Be sure to check out Steven's book, available at all fine book establishments, including at the following link!
It's Bonus Song Thursday! Bill is once again joined by Jim Hanke of the Vinyl Emergency podcast (soundcloud.com/vinylemergency) to talk about Foo Fighters! We fast forward a little bit in the band's career to discuss a song from their 1999 album There Is Nothing Left to Lose, "Aurora." Jim talks about how this album reflected the band adopting a more mainstream sound but how this song stood out to him and has held up over the years. Bill defends his fandom of this song and the album while complimenting Nate Mendel's exceptional bass playing. Additionally, we read some listener email that gets us analyzing the Dumb and Dumber soundtrack in detail and revealing some great trivia about Lou Reed pre-Velvet Underground history!
Bill welcomes podcaster/music guru Jim Hanke from the Vinyl Emergency podcast (soundcloud.com/vinylemergency) to talk about Foo Fighters' self titled debut album (1995, Capitol/Roswell). Following the tragic suicide of Nirvana frontman Kurt Cobain, the band's drummer, Dave Grohl, was left with no band and an uncertain future. Instead of taking offers from Tom Petty to join the Heartbreakers, Grohl decided to take his future into his own hands and front his own group. Jim talks about his podcast, forgives Bill for not really owning vinyl, and discovering the Foos on Eddie Vedder's Self- Pollution pirate radio broadcast in early 1995. Bill and Jim also discuss the album's "indie" aesthetic, the influence of Nirvana on how the album is perceived, how Foo Fighters maybe haven't really ever put out a front to back great album, how Dave Growl has become the official spokesman of rock 'n' roll, how studio noise draws us in, the band's attitude toward and humor in music videos, William Goldsmith's heavy drumming, the album working in groups of 3, and much more as we make our way through the album track by track!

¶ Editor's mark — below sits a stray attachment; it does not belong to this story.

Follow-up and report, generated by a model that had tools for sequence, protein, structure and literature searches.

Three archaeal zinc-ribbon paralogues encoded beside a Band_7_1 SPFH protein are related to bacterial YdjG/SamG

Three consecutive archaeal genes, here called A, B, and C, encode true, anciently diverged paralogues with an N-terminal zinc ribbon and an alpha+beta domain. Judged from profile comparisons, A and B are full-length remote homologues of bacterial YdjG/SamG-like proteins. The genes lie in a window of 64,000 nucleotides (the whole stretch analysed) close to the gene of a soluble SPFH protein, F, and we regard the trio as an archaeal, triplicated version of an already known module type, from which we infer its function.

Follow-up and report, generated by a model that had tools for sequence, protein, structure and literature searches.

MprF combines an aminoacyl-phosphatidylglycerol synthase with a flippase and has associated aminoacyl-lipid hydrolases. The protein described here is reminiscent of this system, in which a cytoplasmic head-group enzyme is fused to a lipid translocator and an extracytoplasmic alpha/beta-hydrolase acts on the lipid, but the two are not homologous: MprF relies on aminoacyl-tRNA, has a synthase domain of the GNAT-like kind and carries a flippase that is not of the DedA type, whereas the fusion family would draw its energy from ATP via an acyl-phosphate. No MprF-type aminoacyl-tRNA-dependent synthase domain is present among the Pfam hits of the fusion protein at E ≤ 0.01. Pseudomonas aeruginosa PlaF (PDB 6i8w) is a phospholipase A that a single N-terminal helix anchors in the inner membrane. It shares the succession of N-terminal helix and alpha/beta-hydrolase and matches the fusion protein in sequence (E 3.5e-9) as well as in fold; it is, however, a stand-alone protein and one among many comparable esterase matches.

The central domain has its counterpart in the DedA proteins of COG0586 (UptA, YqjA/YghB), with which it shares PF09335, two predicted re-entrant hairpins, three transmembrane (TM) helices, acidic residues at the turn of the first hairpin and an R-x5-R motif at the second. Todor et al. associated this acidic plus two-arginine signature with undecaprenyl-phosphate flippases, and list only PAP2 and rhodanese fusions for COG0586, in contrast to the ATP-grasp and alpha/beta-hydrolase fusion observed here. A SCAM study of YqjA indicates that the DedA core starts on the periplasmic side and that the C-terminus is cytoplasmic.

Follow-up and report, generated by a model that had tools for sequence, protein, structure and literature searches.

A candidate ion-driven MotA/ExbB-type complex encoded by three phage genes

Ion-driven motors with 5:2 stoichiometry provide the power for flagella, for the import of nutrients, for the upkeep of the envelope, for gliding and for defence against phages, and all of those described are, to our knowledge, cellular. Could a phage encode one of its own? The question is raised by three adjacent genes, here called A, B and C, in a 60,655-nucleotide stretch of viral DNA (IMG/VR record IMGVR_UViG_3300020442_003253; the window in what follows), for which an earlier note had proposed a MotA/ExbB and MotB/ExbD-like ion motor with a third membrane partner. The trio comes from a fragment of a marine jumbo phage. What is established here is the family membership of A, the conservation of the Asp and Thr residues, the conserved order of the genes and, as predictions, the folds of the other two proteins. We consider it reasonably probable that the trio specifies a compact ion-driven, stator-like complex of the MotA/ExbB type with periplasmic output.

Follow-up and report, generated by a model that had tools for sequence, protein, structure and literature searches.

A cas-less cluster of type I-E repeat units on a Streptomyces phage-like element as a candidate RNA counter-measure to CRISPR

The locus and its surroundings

It's Bonus Song Thursday! Bill and Brian follow up their interview with Those Pretty Wrongs, Luther Russell and Jody Stephens, about their debut album by discussing the b-side, ""Fool of Myself," to their 2015 single "Lucky Guy." The gentlemen talk a little about the Big Star "box," why this song doesn't quite fit with the rest of the album, and a little bit about a Badfinger "vibe." Additionally, we read a listener email about how we helped keep his sanity in check by mentioning the Beatles. Make sure to check out his web comic, crustedsalt.com!
Bill and Brian welcome legendary Big Star drummer Jody Stephens and acclaimed LA musician Luther Russell for a slightly different than usual episode. We had the pleasure to have the artists themselves provide a track by track commentary! Bill and Brian took the opportunity to head down to Memphis, spend time at Ardent Studios, and chat with Jody and Luther about the making of their album, the self titled debut from Those Pretty Wrongs (due out May 13th, 2016 from Ardent Music and Burger Records). Jody and Luther discuss the beginnings of the band, the cross continent writing process, recording at the historic Ardent using some of Chris Bell's guitars, their influences (such as Willis Alan Ramsey), and the positivity inherent throughout the album before we discuss the entire album, one song at a time. As we make our way through, we talk about how mean Eva Gardner could be (in film), Jody's dog's journey through some health issues, empty Chinese cities, arranging harmonies (that feature Danny De La Matyr!), a great story about a toy cube and sideshow freaks, the influence of Big Star's Alex Chilton and Chris Bell on the songwriting and their presence in the DNA of the music, remaining positive in the face of loss, and so so much more!